we are said to be washed from our sins in, or by, the blood of Christ.
But even "washed in blood'' is a figurative expression, and means
something analogous to washing in water. Perhaps we may find in
another expression a means of reconciling these strong metaphor?.
Rev. vii. 14, "They have washed their robes, and made them white
in the blood of the Lamb." Here are two things equally incomprehen-
sible — to wash garments white in blood, and to wash aioay sins
in water! An efficacy is ascribed to water which it does not possess;
and, as certainly, an efficacy is ascribed to blood which it does not
possess. If blood can whiten or cleanse garments, certainly water can
uash away sins. There is, then, a transferring of the efficacy of blood
to water; and a transferring of the efficacy of water to blood. This
is a plain solution of the whole matter. God has transferred, in some
way, the whitening efficacy, or cleansing power, of -v^ater to blood;
and the absolving or pardoning power of blood to water. This i^ done
upon the same principle as that of accounting faith for righteousness.
What a gracious institution! God has opened a fountain for sin, for
moral pollution. He has given it an extension far and wide as sin
has spread — far and wide as water flows. Wherever water, faith, and
the name of the Father, Son, and Holy Spirit, are, there will be found
the efficacy of the blood of Jesus. Yes; as God first gave the efficacy
CI water to blood, he has now given the efficacy of blood to water
This, as was said, is figurative; but it is not a figure which misleads.
for the meaning is given without a figure; viz.: immersion for the
remission of sins. And to him that made the washing of clay from the
eyes, the washing away of blindness, it is competent to make the
immersion of the body in water efficacious to the washing away of sin
fiovi the conscience.

From the conscience I say; for there its malignity is felt; and it
is only in releasing the conscience from guilt, and its consequences, —
fear and shame, that we are released from the dominion of sin, or
washed from its pollution in this world. This immersion, says
Peter, saves us, not by cleansing the body from its filth, but the
conscience from its guilt; yes, immersion saves us by burying us
with Christ, raising us with him, and so our consciences are
purged from dead works to serve the living God. Hence, our Lord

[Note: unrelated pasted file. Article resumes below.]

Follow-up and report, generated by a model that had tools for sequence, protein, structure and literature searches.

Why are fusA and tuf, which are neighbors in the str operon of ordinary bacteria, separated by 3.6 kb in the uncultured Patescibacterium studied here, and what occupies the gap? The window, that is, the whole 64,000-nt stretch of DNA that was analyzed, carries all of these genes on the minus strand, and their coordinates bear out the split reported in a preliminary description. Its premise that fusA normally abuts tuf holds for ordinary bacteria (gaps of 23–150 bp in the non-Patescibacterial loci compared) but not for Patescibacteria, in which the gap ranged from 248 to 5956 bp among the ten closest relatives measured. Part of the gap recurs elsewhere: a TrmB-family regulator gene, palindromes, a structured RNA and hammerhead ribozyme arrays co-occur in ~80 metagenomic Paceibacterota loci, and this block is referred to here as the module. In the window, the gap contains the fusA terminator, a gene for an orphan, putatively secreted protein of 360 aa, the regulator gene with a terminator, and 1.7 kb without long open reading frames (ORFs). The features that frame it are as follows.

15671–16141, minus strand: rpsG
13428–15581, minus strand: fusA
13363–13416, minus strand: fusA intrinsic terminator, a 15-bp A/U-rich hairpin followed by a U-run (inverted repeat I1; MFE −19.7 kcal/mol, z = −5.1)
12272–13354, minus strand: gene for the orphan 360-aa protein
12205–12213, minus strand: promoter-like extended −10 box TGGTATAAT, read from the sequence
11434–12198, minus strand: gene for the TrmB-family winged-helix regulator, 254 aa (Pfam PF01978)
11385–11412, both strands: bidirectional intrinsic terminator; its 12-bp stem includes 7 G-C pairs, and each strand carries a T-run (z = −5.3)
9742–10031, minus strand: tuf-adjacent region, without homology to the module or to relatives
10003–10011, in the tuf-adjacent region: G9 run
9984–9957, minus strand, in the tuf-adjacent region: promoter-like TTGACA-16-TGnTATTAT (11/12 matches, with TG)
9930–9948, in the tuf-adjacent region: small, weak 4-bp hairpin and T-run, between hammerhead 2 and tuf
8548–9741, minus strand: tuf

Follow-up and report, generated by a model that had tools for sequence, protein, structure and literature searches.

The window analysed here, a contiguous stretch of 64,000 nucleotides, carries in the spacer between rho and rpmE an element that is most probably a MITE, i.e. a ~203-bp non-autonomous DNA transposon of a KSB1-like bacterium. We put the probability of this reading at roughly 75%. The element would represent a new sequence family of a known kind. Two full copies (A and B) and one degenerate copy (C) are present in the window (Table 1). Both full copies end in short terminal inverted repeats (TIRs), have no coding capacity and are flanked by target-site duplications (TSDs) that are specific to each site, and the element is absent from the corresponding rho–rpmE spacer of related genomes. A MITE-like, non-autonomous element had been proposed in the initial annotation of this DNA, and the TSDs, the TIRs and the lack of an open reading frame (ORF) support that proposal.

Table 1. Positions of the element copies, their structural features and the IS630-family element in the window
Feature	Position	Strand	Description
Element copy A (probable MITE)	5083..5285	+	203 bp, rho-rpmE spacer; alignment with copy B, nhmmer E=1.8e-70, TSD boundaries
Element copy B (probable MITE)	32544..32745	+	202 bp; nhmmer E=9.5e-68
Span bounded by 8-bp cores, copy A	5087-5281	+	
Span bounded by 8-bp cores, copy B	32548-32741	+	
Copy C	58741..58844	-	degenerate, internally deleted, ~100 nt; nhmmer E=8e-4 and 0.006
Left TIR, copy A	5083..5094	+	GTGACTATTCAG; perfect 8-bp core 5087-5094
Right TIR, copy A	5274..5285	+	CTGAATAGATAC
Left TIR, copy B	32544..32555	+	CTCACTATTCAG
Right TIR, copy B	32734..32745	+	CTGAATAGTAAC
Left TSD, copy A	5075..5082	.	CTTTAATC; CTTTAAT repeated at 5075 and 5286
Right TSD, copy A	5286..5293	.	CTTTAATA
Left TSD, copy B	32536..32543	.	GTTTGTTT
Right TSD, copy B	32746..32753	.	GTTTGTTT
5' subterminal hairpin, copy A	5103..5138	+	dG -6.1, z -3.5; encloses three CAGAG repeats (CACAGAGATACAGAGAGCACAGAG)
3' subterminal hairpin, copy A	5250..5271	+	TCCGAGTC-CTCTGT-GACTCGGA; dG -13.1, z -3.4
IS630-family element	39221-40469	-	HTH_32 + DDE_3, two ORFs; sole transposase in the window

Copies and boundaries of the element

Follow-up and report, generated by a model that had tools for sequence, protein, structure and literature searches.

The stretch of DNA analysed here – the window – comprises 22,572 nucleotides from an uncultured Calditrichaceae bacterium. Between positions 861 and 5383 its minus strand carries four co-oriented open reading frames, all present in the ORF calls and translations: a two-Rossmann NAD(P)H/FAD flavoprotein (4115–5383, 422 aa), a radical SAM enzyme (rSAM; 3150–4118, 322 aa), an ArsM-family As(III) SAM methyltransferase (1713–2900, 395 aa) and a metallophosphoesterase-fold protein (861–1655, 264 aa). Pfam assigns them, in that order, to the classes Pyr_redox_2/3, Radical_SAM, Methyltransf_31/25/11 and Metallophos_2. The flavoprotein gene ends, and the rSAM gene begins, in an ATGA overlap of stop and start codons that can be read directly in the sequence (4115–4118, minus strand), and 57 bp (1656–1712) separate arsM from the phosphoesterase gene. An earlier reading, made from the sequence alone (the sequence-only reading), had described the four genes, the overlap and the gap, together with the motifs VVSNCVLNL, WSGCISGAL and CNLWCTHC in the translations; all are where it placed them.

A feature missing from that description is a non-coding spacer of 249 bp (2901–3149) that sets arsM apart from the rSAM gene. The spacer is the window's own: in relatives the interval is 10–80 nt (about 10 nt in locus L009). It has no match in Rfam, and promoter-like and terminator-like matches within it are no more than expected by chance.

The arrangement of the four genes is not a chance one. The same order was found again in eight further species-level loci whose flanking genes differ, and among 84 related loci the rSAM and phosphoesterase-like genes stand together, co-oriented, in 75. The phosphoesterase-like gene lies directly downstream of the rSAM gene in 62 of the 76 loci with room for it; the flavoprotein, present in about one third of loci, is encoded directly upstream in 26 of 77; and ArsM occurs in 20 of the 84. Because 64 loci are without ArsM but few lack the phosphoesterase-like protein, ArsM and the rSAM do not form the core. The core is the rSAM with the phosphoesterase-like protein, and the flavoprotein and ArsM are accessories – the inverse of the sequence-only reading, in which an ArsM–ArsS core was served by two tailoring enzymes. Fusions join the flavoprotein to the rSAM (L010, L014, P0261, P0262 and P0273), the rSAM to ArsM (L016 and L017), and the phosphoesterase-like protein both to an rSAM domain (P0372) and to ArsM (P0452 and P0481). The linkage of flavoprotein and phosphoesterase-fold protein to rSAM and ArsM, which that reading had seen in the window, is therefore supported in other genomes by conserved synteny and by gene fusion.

gave so much importance to immersion in giving the commission
to convert the world, "He that believes, and is immersed, shall
be saved."


But, while viewing the water and the blood as made to unite their
powers, as certainly as Jesus came by water and blood, we ought to
consider another testimony given to this gracious combination of
powers, by Paul the Apostle. Heb. x. 24, "Being sprinkled in heart
from an evil conscience, and being washed In body with clean water."
The application of water, the cleansing element, to the body, is made
In this gracious institution to reach the conscience, as did the blood
of sprinkling under the Law.

Some ask. How can water, which penetrates not the skin, reach the
conscience? They boast of such an objection, as exhibiting great intel-
lect, and good sense. But little do they think, that in so talking, they
laugh at, and mock the whole Divine Economy, under the Old and
New Institutions: for, I ask, did not the sacrifices, and Jewish purga-
tions, some way reach the conscience of that people! ! If they did not
it was all mere frivolity throughout And can eating Ijread, and drink
ing wine not influence, nor affect, the soull And can not Ihr breath
of one man pierce the heart of another, and so move his blood, as to
make his head a fountain of tearsi He, who thus objects to water,
and the import of immersion, objects to the whole remedial institution,
as. taught by Moses and by Christ, and insults the wisdom and good-
ness of God in the whole scheme of salvation. And he, who objects
to water, because it can only take away the filth of the fiesh, ought
rather to object to blood; because it rather besmears and pollutes, than
cleanses the body, and can not touch the soul. But all such reasonera
are foolish talkers. To submit to God's institution Is our wisdom, and
our happiness. The experience of the myriads who were immersed
for the remission of their sins, detailed in the Christian Scriptures,
to say nothing of those immersed in our times, is worth more than
volumes of arguments from the lips and pens of those who can only
regard, and venerate the traditions of their fathers; because It is
presumed their fathers were wiser, and more able to judge correctly
than their sons.

But as it is not our object to quote, and expatiate upon, all the
sacred testimonies, direct and allusive to immersion for the remission
of sins, we shall close the proof and illustration of this proposition